It is so strange. You get two people in a room, having coffee and sharing stories and they love each other. Then you get these same people thinking of the other in stereotypes and through the long lense of media/sensation and political intrigue/nonsense and you have "informed" hate. Orwell noticed the same thing/dynamic. You are right Connie, the term of tolerance is where the focus should be. But not just tolerance when it suits us but precisely when it is not easy to do so. That is the rub.

that's why I really had to shake my head about the whole Obama thing. I'm not for or against the guy but our highest politicians should be talking to everybody. He said what is right but was vilified. Ugh? Educators should add a voice of reason, dialogue, equality and "the ordinary" to society through the students they teach. Many are but so many don't get it either. That's why I'm also so hopeful that technology can help. It is a razor's edge for sure but I think the possibility of someone in Tadjikistan knowing about Talahasee, and vice versa, is astounding. But it can't just be for show. Has to be ongoing and sustained, not just a "let's make it this years project" thing. We need the tools set up so this can be just usual/ordinary. That is my hope for the future.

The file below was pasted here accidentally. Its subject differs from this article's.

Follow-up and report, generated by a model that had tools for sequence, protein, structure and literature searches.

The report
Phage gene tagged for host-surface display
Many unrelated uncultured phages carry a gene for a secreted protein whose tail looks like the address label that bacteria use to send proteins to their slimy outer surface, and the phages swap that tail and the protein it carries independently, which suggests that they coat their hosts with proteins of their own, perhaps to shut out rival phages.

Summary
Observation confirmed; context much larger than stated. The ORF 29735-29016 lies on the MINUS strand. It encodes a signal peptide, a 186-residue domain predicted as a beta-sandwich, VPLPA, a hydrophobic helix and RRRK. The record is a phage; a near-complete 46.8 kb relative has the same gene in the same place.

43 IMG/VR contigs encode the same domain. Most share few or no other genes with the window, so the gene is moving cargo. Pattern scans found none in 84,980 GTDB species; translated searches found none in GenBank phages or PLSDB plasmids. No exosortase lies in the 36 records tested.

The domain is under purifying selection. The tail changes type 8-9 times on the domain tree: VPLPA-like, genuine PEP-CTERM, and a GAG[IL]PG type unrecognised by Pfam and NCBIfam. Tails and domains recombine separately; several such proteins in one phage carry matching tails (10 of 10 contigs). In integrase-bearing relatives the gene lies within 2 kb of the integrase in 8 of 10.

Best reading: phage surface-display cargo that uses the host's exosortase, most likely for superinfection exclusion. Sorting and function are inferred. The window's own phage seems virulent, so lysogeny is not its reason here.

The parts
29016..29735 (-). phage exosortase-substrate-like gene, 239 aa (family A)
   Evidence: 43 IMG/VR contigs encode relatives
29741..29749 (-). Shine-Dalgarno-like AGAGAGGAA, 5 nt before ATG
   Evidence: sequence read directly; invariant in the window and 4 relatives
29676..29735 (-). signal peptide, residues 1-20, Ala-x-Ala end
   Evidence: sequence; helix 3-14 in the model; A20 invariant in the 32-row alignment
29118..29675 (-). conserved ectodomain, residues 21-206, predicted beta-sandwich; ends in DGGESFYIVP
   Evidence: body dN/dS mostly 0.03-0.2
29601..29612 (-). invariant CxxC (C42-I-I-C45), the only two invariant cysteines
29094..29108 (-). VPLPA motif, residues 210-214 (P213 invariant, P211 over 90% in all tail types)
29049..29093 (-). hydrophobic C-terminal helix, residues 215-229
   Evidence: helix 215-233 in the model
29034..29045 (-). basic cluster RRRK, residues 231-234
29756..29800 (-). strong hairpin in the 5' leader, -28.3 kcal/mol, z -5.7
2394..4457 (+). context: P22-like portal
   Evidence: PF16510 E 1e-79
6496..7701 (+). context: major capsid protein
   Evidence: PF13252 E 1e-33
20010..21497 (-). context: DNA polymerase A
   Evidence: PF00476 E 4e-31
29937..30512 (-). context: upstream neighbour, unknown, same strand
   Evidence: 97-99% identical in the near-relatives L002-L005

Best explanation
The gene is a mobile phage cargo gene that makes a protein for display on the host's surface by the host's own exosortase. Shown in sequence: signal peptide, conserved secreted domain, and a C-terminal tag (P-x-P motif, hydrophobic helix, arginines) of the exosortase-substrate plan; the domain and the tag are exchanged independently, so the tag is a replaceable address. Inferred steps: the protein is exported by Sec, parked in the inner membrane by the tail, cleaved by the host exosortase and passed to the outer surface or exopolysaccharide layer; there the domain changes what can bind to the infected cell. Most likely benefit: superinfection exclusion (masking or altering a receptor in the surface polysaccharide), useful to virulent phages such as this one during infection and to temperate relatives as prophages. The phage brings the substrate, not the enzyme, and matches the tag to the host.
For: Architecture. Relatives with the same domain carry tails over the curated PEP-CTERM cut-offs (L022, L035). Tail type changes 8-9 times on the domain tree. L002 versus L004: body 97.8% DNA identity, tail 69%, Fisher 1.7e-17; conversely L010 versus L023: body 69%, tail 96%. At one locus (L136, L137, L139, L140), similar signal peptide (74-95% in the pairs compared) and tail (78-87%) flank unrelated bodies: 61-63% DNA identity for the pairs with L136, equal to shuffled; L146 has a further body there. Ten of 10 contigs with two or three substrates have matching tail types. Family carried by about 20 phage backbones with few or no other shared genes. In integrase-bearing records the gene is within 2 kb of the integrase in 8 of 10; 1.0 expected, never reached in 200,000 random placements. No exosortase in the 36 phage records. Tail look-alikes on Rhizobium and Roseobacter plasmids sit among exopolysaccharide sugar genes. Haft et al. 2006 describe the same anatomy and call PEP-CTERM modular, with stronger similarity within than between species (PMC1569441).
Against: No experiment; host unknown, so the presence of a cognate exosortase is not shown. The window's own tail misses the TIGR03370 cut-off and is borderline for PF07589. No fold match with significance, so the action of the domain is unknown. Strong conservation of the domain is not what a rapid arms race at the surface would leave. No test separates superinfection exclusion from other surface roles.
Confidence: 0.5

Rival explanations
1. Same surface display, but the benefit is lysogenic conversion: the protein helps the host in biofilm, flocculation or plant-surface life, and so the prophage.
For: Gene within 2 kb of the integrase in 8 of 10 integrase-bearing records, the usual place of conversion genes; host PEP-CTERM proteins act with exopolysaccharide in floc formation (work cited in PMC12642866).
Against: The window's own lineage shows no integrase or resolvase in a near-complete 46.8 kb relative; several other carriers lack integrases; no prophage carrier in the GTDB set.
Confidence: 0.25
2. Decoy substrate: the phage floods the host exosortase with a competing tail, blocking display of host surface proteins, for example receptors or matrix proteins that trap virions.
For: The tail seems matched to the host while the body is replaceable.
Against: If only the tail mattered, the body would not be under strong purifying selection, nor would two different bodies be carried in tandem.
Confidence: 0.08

David
Hi David,
You said, "The world is much more dangerous, much more segregated and nationalistic than many times before.....as educators, it should be our calling to reach out and make this world "truly" smaller. That includes educators getting political. I've always thought that shouldn't be but lately I've changed my opinion. We need teachers as a voice at a political/social level."